The GP pathfinders announced today provide healthcare to 28.6 million people across England. There are now 141 pathfinder groups covering more than 50 per cent of the population, who can start to benefit from their doctors’ proven clinical leadership, good partnership working with local authorities, and innovative ways of engaging with patients and the local community.
The Prime Minister contrasted the response of GPs with those who said there would be ‘no appetite’ for GPs directly commissioning services for their patients: ‘But far from fearing new commissioning arrangements, more than 140 GP-led consortia have now come forward, covering more than half the country,’ he said.
Mr Cameron said the NHS had to modernise because it faces enormous pressures on demand at the same time as rising pressures on costs.
‘We need modernisation – on both sides of the equation. Modernisation to do something about the demand for healthcare – which is about public health. And modernisation to make the supply of healthcare more efficient – which is about opening up the system, being competitive and cutting out waste and bureaucracy.
‘Put another way: it’s not that we can’t afford to modernise, it’s that we can’t afford not to modernise.’
Patients are already seeing the benefits of local commissioning where consortia have been formed. The Croydon Healthcare Consortium, which serves a culturally and economically diverse population, is already leading the way in improving patient access to diagnostics, treatment and care. In response to feedback from patients, the Consortia was able to introduce a pilot locating mobile screening clinics at six Croydon GP practices to provide heart monitoring and ultrasound.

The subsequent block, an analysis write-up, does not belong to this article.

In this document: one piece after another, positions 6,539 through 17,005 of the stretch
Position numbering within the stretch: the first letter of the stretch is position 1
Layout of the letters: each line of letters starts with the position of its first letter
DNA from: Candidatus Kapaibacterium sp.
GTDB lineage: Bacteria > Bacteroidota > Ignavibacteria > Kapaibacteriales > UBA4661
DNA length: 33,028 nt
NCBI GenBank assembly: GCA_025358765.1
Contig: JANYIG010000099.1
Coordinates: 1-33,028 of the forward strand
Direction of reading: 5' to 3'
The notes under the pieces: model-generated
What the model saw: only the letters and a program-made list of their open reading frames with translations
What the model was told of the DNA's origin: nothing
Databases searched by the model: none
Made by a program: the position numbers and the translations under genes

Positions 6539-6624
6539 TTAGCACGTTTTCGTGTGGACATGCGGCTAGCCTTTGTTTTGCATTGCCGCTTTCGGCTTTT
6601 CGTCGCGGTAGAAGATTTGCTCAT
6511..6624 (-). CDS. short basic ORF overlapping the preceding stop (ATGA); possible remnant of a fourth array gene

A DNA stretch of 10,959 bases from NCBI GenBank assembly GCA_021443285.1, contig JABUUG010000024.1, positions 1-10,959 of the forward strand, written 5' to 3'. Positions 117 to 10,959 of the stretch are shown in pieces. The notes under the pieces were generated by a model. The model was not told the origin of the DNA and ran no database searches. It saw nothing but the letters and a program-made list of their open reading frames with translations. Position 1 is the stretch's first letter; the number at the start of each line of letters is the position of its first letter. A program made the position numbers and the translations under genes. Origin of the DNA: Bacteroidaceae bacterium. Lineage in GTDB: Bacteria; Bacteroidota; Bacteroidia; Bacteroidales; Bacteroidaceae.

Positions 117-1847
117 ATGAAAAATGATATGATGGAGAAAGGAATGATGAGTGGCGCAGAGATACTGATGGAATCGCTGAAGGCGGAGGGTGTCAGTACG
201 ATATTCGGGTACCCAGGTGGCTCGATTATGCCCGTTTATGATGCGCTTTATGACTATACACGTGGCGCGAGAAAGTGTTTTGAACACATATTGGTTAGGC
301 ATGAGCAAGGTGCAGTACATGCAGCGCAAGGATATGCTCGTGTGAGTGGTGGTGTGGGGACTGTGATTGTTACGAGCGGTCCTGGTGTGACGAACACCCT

This has provided patients with greater choice and convenience, avoided long waiting times, high travel costs and the cost of hospital parking, and sped up testing, diagnosis and treatment.
In Somerset, the local NHS identified a strong need for improving the management of long-term conditions. As a result of successful local commissioning, specific initiatives have been rolled out to improve the prescribing for patients living in nursing and residential homes and provide patients with a greater choice in end of life care.
In the first six months of the pilot, hospital admissions were reduced by 46 per cent.
There will be more GP consortia coming forward to join the pathfinder programme, which will enable as many consortia as possible to test out the new arrangements at an early stage before GP consortia take on statutory responsibilities from April 2013.